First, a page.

Sainsbury’s boss Mike Coupe has issued a fresh warning over the impact of Brexit, claiming that “no solution” would replace the benefits of the customs union.
Coupe, who cautioned last September that fresh food imports could be left rotting at borders following the UK’s exit from the EU, said that falling out of the customs union would “compromise” food supply chains.
Roughly 30% of the groceries Sainsbury’s sells are imported from the EU and Coupe said that preventing the free movement of goods between nations would have a “material” impact on the business.
Coupe said: “Anything other than a customs union means that there is going to be some kind of delay, some kind of checking mechanism at borders.
“That either means that it adds cost to the supply chains that we run, or it means that the products we sell will be less fresh because they have to sit at ports.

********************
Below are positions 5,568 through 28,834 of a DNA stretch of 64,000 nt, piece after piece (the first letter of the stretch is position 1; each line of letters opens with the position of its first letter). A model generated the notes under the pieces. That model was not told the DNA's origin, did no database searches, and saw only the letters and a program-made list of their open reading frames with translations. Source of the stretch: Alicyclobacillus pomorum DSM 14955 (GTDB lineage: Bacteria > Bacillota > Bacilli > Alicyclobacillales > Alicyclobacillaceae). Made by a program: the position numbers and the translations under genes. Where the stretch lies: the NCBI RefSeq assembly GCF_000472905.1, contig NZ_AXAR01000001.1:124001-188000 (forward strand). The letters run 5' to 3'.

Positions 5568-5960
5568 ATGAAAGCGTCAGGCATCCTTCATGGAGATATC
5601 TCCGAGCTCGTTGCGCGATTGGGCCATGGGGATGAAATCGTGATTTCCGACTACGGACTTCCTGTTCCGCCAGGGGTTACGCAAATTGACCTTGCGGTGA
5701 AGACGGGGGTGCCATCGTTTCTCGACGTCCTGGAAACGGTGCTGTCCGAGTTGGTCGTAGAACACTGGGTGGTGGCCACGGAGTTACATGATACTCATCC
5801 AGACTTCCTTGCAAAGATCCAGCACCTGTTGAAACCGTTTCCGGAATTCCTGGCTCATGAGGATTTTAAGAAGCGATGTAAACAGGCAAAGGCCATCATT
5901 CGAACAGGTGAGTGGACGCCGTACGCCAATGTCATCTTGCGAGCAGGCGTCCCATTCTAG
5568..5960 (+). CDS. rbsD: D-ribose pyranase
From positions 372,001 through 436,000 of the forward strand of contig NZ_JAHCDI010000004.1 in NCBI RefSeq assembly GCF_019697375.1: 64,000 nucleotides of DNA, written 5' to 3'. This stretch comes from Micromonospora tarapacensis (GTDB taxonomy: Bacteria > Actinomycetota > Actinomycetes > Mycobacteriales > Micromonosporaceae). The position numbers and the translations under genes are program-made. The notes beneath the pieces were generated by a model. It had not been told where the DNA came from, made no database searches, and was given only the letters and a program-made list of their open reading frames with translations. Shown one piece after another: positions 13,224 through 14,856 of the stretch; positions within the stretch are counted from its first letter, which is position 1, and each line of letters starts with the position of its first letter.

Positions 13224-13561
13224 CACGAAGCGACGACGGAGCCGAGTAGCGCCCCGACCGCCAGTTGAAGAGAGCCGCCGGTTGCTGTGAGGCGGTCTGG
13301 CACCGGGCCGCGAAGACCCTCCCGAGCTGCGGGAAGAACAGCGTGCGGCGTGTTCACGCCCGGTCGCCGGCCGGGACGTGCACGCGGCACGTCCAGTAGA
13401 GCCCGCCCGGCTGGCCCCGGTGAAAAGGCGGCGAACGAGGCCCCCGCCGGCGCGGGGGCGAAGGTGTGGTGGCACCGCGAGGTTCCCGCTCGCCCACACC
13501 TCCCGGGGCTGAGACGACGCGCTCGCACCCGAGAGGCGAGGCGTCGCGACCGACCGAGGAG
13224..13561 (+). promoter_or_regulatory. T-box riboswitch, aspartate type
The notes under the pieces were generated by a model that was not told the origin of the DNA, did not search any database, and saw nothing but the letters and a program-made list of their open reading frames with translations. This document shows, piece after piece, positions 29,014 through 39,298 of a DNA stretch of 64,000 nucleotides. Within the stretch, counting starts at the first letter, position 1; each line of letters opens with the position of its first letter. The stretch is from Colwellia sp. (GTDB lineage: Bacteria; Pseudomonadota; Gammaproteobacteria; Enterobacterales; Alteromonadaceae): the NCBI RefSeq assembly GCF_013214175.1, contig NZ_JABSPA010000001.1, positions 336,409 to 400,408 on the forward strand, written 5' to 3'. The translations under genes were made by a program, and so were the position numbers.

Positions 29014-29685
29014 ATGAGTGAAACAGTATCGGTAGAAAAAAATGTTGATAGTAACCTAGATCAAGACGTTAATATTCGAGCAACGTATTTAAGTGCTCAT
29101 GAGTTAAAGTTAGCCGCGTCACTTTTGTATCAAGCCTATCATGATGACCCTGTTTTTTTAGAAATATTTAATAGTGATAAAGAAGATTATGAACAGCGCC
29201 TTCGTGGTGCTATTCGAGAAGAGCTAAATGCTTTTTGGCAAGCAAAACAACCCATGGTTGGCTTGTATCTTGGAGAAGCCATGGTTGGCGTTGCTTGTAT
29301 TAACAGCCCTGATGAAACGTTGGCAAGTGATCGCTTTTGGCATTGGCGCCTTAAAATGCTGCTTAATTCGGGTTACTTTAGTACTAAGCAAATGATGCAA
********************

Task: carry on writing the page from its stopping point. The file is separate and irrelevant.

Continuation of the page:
“As far as I can see there is no solution which is better than the customs union and anything other than the customs union is a compromise, as far as the food supply chains that we operate are concerned.”
Coupe warned that a ‘hard’ Brexit would have even further-reaching consequences for retailers, claiming that “thousands” of lorries could be left queuing at borders.
“If there was a hard Brexit and somehow the drawbridge was pulled up, it wouldn’t take long before there were literally thousands of lorries parked on either side of the Channel,” Coupe cautioned.
“Given what we saw during the snow – it takes about three or four days for food supply chains to become disrupted – it would clearly be a big issue.”
Asked whether Sainsbury’s was making contingency plans for such a scenario, Coupe said: “We clearly have teams of people working on it, but until we know what the solution is, there’s not a lot we actually can do.
“During the next year, we will have to make choices about how and where we source products from, depending on how much clarity we get around the outcome [of Brexit talks].”